Soybean farmers have a few years to wait but should be looking forward to protecting their crops using a new novel insect-resistant trait being developed by Dow AgroSciences.
Dow AgroSciences explains that it is advancing an insect-resistant trait that, when commercialized, will provide soybean farmers with the “broadest spectrum for insect control against lepidopteran pests.”
The company’s insect-resistant soybean trait is the first to be submitted for approvals that expresses two Bt proteins. This will provide broader in-plant protection of lepidopteran pests, as well as improve sustainability of the technology compared to other soybean technologies being advanced in the market with only one Bt protein.
Extensive research has shown that the company’s trait provides broad in-plant protection against lepidopteran pests such as fall armyworm (Spodoptera frugiperda), soybean looper (Pseudoplusia includens), velvetbean caterpillar (Anticarsia gemmatalis), soybean podworm (Helicoverpa gelotopoeon) and tobacco budworm (Heliothis virescens) as well as Rachiplusia nu.
U.S. soybean farmers are not expected to be the first users of the trait. This trait has been submitted to regulatory authorities for approval in key soybean countries as part of the global authorization process. The trait is initially targeted for commercialization in South America. Brazil represents the largest opportunity where insect pressure results in significant yield loss every year. Argentina soybean farmers also face significant impact to their soybean yields due to insects. The company plans to broadly license the technology to regional seed companies in these countries to provide wide access for farmers.
Upon regulatory approvals of the insect-control trait and the Enlist soybean trait in the U.S. plus breeding of soybean varieties, the two traits will be offered as a stack in elite and high-yielding soybean varieties, which is the same marketing concept for South America, just earlier than the U.S.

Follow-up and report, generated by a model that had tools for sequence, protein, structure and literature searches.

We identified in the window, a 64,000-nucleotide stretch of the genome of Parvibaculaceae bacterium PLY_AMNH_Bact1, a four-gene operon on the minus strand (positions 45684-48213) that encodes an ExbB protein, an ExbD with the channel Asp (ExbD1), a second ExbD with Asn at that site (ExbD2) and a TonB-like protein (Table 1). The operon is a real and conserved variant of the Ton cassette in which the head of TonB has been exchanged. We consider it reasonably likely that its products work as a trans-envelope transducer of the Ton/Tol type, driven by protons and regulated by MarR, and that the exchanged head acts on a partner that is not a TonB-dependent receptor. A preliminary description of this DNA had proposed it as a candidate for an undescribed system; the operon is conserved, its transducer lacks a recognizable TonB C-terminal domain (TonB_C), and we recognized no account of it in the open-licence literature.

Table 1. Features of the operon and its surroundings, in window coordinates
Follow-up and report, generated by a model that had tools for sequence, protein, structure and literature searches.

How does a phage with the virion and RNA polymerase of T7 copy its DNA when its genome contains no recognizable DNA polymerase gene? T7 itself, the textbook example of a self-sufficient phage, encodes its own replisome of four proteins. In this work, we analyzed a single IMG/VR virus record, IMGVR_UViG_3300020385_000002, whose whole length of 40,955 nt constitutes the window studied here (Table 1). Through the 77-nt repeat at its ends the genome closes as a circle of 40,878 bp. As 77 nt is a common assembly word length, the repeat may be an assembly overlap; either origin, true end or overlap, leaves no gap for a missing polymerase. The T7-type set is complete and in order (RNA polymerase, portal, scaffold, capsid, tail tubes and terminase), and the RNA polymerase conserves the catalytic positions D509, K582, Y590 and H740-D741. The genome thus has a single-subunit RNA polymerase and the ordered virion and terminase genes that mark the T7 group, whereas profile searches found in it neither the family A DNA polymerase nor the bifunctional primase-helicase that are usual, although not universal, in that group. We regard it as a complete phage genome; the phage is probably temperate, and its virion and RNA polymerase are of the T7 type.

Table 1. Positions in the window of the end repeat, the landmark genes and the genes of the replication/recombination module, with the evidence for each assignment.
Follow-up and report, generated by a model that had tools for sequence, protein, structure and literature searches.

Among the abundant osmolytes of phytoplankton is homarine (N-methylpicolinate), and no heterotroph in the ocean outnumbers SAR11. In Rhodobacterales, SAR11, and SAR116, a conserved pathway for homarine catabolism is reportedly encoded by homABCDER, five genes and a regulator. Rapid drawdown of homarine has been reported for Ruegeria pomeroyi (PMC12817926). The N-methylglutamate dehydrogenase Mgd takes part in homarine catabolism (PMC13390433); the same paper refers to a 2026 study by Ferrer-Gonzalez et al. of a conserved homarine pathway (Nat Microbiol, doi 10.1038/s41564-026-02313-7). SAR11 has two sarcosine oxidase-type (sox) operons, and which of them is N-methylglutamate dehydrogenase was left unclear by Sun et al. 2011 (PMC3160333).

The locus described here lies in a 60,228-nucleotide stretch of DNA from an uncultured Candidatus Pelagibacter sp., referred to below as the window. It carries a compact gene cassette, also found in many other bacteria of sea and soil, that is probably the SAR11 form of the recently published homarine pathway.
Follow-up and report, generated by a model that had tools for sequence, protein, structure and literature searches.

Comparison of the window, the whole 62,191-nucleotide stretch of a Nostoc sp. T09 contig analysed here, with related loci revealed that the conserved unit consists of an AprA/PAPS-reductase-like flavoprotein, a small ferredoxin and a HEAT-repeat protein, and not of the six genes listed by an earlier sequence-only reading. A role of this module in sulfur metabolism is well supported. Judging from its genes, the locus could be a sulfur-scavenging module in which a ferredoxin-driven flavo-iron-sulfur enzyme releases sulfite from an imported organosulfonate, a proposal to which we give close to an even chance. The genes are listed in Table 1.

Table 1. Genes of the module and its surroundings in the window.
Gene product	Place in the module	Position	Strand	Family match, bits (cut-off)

“This integrated solution will provide much-needed insect control as well as tolerance to multiple herbicides for improved weed management, allowing crops to maximize yield in a highly efficient and sustainable manner,” the company explained.
“Our insect-resistant soybean trait is a major advancement of outstanding technology that will help farmers who struggle more every season to control significant lepidopteran pests,” said Rolando Meninato, global leader, Seeds Traits and Oils, Dow AgroSciences. “By developing this new technology in combination with the Enlist Weed Control System, we will be able to provide a significant, multi-trait product with the broadest pest control package that enables both insect and weed control so soybeans can deliver their yield potential.”
Pending regulatory approvals, the trait package is expected to be available in elite and high-yielding soybean varieties for the Brazilian and Argentinean markets in the next three to five years.